B2B firms’ commerce goals outpacing their digital capabilities, study finds

Those pesky legacy systems could be costing you a big business deal.

CloudCraze’s recently released 2017 B2B Digital Commerce Imperative Report found that for many B2B brands, legacy commerce systems are proving to be a barrier to digital transformation, preventing organizations from providing the agile, flexible buying experience customers demand.

In fact, the report found that as many as 70 per cent of companies have lost a business deal because of an ordering-specific pain point, and 31 per cent say they’ve missed out on at least $2 million in sales. According to CloudCraze, these numbers reflect an inability to accommodate the complex needs of today’s buyer because as a B2B business, they are relying on outdated commerce systems: More than 65 per cent last updated their systems more than two years ago, before Software-as-Service (SaaS) had matured.

Although many B2B companies have made investment in commerce a priority – B2B commerce is expected to grow at a annual rate of nearly eight per cent over the next three years – CloudCraze said many of them continue to rely on outdated and largely manual processes, as well as siloed solutions that limit the benefits of digital technology.

To build the report, CloudCraze surveyed nearly 200 B2B and B2C businesses within the retail, manufacturing, software, healthcare and government industries with an online presence about their pain points, investments, and priorities when it comes to digital commerce. While the findings indicate that B2B commerce companies feel increased pressure to succeed via digital channels, there is a disconnect in investment priorities.

For example, the report found many companies are still not integrating customer data with commerce technology. Only 27 per cent of B2B businesses currently support integration between CRM and commerce, which means there’s a gap between what they’re able to offer and what today’s business buyer demands.

Depending on the industry, the effect can be more pronounced. CloudCraze said that retailers servicing the B2B industry tend to be ahead of the curve when it comes to mobile and user-friendly offerings, but fail to keep up with more complex capabilities such as guided selling and multiple store orders. Manufacturing respondents, meanwhile, are best at accommodating B2B complexities, but are struggling to keep costs down.

Other key findings from the CloudCraze report include:

  • B2B businesses struggle with age-old pain points: Respondents reported cost-efficiency (37 per cent) and the inability to provide a seamless, omnichannel customer experience (35 per cent) as their biggest pain points. Only 18 per cent still treat commerce as a separate channel, but market leaders are taking a more integrated approach and seeing gains as a result.
  • Top business buyers’ expectations centre around convenience: Respondents reported that most customers demand mobile access to their commerce platform (55 per cent), convenient payment processes (52 per cent) and advanced payment features (50 per cent).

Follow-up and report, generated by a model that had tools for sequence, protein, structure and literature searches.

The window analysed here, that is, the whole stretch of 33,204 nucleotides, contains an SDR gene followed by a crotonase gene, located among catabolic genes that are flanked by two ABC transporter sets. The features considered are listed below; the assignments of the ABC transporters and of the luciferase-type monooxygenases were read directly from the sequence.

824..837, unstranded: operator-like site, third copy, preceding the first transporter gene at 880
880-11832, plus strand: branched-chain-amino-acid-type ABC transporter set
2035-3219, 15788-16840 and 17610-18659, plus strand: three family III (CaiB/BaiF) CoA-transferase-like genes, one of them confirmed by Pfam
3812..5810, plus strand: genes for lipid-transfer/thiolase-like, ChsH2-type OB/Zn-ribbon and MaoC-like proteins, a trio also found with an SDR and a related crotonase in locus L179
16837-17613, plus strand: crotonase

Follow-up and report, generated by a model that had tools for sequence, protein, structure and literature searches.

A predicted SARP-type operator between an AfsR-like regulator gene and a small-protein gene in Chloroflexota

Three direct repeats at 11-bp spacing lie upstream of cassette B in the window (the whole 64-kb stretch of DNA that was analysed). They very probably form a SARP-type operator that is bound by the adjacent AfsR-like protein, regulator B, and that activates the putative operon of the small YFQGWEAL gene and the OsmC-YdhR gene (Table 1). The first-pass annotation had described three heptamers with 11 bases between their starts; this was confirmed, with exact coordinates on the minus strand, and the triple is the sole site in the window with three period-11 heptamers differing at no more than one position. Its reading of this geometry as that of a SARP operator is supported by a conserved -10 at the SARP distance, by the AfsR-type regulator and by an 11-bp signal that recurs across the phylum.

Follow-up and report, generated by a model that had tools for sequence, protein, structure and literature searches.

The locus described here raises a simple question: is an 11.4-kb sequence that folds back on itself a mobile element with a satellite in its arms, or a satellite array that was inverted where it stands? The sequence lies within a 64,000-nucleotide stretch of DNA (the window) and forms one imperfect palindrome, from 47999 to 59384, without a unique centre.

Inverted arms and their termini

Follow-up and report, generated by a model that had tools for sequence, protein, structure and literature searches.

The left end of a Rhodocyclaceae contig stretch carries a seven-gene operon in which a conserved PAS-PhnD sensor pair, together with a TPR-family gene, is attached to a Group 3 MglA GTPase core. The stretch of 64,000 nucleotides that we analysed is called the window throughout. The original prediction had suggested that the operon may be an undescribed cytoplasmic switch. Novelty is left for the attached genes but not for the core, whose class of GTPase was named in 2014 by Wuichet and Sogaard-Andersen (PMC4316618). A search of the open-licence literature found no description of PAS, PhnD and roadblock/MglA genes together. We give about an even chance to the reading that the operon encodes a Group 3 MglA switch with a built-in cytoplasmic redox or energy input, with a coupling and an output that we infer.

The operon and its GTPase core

• Top business customer pain points reflect an inability to accommodate complex needs: Respondents say that limited payment options are their customers’ biggest obstacle (37 per cent) followed by a lack of order replenish capabilities (30 per cent).

Ultimately, CloudCraze concludes that B2B businesses are at a digital roadblock. Those that are currently offering basic digital commerce channels are unable to move on with more complex features due to outdated, product-focused systems.

The report makes four key recommendations that should be followed if B2B brands are to meet the needs of today’s business buyer and not miss out on a crucial sale that leaves money on the table:

  • Streamline ordering: On-premise systems can require customers to complete up to 13 steps before completing an order. This can be addressed with a flexible, SaaS-based solution that can easily adapt to changing ordering needs.
  • Improve order accuracy: By connecting commerce to CRM, order history, current inventory and budget information can be automatically integrated, which provides sales reps with more information and helps buyers make more informed purchase decisions.
  • Consolidate data: When using a platform that integrates customer data with commerce functionalities, businesses can offer personalized promotions and customized pricing features based on each business’s basic demographics and its order and browsing history.
  • Cut costs: Cloud-based commerce systems carry a lower total cost of ownership and require less technical labor and maintenance to implement and operate. Overall, self-serve transactions require less human interaction, which means it costs less to enhance customer engagement and reduces errors.

In addition, CloudCraze said B2B companies not yet online or are considering replatforming can learn from the mistakes of early adopters.

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Gary Hilson
Gary Hilson
Gary Hilson is a Toronto-based freelance writer who has written thousands of words for print and pixel in publications across North America. His areas of interest and expertise include software, enterprise and networking technology, memory systems, green energy, sustainable transportation, and research and education. His articles have been published by EE Times, SolarEnergy.Net, Network Computing, InformationWeek, Computing Canada, Computer Dealer News, Toronto Business Times and the Ottawa Citizen, among others.

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